Unfortunately, our animals cannot verbally tell us when something is wrong. They can show us physically, though. Noticing changes in your pet’s daily behavior is a good way to spot any health issues early and find the right treatment option to fix it. One of the biggest indicators of a problem is a physical change like a limp. The team at Westarbor Animal Hospital is here to help you figure out why your dog is limping and how to help:

Is It Chronic or Acute?

The way your dog’s limp develops can tell you a lot about the condition that’s causing it. If you notice that your dog is gradually developing a limp, that can mean that it’s a side effect of a chronic condition that has been happening for a while. If it seems to develop overnight, however, it might be telling you that your dog got injured. Take note of as much detail about the condition as possible so you can give your vet the most information about your dog’s limp. The more detailed you can be, the easier it is for your veterinarian to make a diagnosis (and to find the best treatment for your pup). 

Look for Any Foreign Objects

Once you notice the limp, carefully run your hands along your dog’s paws and in between the toes to see if you can find a foreign object that might be hindering your dog’s movements. Sometimes thorns, sticks, or even little critters can make it uncomfortable for your dog to walk normally. A badly broken nail could even be making your dog feel uncomfortable. If a foreign object is causing the issue, removing it should make the limp go away.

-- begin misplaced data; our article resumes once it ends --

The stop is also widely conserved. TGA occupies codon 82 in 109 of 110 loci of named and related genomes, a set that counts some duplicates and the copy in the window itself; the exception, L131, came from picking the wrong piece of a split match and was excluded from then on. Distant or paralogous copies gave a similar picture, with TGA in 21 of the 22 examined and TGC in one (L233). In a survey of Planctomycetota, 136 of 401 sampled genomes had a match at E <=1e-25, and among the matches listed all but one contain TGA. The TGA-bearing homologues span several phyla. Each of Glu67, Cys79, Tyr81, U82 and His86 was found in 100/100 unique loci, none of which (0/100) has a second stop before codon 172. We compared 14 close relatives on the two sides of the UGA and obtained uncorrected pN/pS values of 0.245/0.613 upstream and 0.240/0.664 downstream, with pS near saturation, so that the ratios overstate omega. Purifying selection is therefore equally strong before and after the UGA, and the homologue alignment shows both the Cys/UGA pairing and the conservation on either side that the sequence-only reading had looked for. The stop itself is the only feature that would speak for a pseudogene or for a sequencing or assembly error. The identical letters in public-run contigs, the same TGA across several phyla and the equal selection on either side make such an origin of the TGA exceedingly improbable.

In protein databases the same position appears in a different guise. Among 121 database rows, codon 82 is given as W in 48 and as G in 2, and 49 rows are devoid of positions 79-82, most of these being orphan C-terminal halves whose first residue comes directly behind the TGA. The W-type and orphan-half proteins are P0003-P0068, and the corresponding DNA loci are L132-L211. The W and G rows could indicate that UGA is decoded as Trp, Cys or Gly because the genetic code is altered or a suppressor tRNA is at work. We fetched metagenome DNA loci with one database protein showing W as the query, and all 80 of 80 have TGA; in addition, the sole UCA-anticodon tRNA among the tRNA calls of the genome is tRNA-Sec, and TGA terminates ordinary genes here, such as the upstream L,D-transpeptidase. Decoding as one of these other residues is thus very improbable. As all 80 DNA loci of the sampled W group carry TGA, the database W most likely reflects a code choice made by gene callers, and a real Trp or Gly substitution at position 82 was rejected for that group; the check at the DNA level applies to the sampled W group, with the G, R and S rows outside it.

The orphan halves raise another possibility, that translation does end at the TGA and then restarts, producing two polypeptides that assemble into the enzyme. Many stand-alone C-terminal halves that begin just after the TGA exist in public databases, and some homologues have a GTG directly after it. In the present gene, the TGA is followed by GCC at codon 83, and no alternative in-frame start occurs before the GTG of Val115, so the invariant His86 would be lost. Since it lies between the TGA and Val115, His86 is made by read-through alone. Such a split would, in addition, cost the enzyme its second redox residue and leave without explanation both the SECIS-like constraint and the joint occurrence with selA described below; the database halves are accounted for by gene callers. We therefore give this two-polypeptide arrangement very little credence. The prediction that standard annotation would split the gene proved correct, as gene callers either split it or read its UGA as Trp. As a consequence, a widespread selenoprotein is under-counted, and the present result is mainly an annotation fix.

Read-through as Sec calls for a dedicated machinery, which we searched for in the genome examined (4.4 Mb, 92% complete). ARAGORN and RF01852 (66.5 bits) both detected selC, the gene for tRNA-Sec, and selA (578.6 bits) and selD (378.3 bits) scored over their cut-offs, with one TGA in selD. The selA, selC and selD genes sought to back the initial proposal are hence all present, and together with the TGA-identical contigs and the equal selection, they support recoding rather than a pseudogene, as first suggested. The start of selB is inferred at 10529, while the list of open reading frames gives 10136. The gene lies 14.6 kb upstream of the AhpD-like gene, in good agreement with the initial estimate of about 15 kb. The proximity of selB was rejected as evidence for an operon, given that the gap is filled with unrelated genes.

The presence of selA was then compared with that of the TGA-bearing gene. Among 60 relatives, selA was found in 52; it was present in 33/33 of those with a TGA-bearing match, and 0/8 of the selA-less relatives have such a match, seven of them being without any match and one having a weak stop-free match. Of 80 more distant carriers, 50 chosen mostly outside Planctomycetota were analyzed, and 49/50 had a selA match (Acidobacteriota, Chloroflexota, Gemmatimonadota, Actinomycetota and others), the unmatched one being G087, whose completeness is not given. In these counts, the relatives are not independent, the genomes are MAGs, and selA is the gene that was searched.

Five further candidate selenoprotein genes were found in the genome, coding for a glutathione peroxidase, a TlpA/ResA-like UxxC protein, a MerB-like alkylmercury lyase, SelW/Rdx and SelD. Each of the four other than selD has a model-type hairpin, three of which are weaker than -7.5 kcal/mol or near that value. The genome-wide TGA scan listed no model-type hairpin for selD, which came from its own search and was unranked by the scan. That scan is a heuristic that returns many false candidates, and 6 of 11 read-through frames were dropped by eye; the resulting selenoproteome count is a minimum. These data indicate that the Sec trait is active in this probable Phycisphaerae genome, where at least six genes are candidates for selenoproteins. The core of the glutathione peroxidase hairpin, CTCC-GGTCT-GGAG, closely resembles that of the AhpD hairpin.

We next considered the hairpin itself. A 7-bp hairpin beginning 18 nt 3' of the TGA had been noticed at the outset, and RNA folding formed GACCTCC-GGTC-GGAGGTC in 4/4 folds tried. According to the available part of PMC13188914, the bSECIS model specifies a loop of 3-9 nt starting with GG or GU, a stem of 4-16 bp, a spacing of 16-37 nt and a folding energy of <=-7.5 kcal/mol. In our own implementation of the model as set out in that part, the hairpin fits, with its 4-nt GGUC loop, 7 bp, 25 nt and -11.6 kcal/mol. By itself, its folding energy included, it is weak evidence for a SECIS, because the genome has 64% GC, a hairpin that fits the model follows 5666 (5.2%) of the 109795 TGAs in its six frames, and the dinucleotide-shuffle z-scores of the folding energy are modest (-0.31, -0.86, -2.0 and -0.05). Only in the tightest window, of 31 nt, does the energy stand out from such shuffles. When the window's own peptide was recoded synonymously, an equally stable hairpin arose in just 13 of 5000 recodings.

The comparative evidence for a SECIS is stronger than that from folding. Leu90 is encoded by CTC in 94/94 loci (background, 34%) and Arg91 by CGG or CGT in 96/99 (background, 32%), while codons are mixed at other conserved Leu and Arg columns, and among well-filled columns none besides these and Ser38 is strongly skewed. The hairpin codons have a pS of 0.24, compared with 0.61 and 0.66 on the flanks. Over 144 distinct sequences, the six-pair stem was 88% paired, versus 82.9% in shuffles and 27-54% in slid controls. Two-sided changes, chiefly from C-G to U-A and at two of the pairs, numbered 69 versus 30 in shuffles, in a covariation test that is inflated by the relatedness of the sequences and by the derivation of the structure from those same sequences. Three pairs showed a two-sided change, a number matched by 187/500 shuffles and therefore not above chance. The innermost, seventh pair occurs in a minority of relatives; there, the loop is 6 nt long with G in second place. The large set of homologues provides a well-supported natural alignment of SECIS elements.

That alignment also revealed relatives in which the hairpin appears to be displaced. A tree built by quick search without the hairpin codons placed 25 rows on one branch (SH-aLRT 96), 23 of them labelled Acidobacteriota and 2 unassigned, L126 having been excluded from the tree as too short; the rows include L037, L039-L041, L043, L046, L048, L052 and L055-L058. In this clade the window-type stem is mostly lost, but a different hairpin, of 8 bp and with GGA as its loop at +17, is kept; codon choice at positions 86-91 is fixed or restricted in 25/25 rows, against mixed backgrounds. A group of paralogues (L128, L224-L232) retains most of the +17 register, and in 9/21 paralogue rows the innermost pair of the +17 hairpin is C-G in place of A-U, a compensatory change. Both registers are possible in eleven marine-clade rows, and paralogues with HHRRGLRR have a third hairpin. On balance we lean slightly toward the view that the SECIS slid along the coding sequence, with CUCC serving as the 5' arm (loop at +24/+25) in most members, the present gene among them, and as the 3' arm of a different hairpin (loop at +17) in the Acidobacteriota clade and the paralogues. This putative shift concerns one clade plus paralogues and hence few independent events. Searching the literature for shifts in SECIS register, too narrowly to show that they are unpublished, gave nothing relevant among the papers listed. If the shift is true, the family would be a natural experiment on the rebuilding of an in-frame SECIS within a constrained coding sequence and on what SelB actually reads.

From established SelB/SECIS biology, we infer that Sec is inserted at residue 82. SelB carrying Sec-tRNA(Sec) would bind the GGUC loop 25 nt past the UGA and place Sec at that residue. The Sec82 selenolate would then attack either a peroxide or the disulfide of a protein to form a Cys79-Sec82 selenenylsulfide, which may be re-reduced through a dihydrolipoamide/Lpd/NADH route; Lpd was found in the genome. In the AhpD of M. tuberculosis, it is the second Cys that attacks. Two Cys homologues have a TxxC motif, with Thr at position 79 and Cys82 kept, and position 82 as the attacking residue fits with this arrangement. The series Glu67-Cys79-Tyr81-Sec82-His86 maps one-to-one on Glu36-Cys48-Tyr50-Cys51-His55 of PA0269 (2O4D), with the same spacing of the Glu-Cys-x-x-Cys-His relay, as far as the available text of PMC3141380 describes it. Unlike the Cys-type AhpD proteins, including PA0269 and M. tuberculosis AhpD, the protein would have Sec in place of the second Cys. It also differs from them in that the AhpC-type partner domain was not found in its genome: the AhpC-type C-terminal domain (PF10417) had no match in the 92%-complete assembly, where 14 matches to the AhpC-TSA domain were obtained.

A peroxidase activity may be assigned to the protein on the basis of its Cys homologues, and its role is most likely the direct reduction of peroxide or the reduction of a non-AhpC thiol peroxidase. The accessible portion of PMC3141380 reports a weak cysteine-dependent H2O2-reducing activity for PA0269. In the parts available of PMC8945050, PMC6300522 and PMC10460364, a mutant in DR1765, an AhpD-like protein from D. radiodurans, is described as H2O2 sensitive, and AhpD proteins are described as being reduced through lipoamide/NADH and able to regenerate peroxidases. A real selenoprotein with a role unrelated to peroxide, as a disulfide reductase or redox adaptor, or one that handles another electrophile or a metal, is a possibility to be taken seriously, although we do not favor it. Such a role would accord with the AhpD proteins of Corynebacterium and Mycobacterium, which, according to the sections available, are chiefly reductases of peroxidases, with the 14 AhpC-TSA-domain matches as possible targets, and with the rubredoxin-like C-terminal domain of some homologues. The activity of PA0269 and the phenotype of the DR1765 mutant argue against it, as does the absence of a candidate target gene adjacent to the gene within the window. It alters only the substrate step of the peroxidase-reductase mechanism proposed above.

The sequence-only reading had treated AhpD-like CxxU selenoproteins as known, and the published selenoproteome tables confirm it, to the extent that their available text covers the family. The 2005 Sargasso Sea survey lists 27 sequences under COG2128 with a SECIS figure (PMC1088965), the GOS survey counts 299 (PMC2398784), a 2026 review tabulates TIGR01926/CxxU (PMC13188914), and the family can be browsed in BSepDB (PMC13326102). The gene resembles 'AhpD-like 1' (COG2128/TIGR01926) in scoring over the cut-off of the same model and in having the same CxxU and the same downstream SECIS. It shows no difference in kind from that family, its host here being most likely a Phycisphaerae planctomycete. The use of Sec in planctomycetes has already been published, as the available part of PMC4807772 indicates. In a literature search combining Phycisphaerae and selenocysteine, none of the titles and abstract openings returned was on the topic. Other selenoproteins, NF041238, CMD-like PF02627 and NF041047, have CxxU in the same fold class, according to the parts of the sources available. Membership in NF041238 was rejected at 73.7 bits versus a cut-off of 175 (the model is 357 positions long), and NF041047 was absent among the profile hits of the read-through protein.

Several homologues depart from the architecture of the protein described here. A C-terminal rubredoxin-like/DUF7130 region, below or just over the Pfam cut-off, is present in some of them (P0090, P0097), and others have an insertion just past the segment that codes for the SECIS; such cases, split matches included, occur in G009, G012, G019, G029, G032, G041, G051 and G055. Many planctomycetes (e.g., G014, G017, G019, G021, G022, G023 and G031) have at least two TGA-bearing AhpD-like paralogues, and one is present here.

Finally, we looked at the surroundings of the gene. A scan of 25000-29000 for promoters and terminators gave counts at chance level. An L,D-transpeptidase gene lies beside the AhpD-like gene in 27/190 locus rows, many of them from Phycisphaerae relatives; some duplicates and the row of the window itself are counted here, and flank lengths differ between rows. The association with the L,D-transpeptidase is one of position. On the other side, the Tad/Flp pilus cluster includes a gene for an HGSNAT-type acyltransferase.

Medical Conditions that Cause Your Dog to Limp 

Dogs might also start to limp as the result of an underlying medical condition. Some of the most common are:

  • Sprains to one or more muscles
  • A contusion 
  • Conditions like tendonitis or myositis
  • Nerve pain
  • A cut or tear on the foot
  • Problems with the pads or toenails
  • Fractures
  • Tumors
  • Joint diseases
  • Hip or elbow dysplasia
  • Intervertebral disc disease
  • Ruptured cranial cruciate ligaments
  • Arthritis


If your dog is limping for more than a few days, you should schedule an appointment with your veterinarian. No matter what medical condition is causing the problem, prompt treatment is the best option for your dog. 

Pain Management Options

There are a wide variety of pain management options available to help with a range of conditions causing the limp. Some of the reasons why your dog is limping would require surgery, while some can be addressed with pain management, acupuncture or physical therapy.


Westarbor Animal Hospital is here to help with every facet of your pet’s care. From routine wellness exams to pain management options, we take your pet’s veterinary care seriously. To learn more about our services or to schedule an appointment, please call (734) 769-5391.

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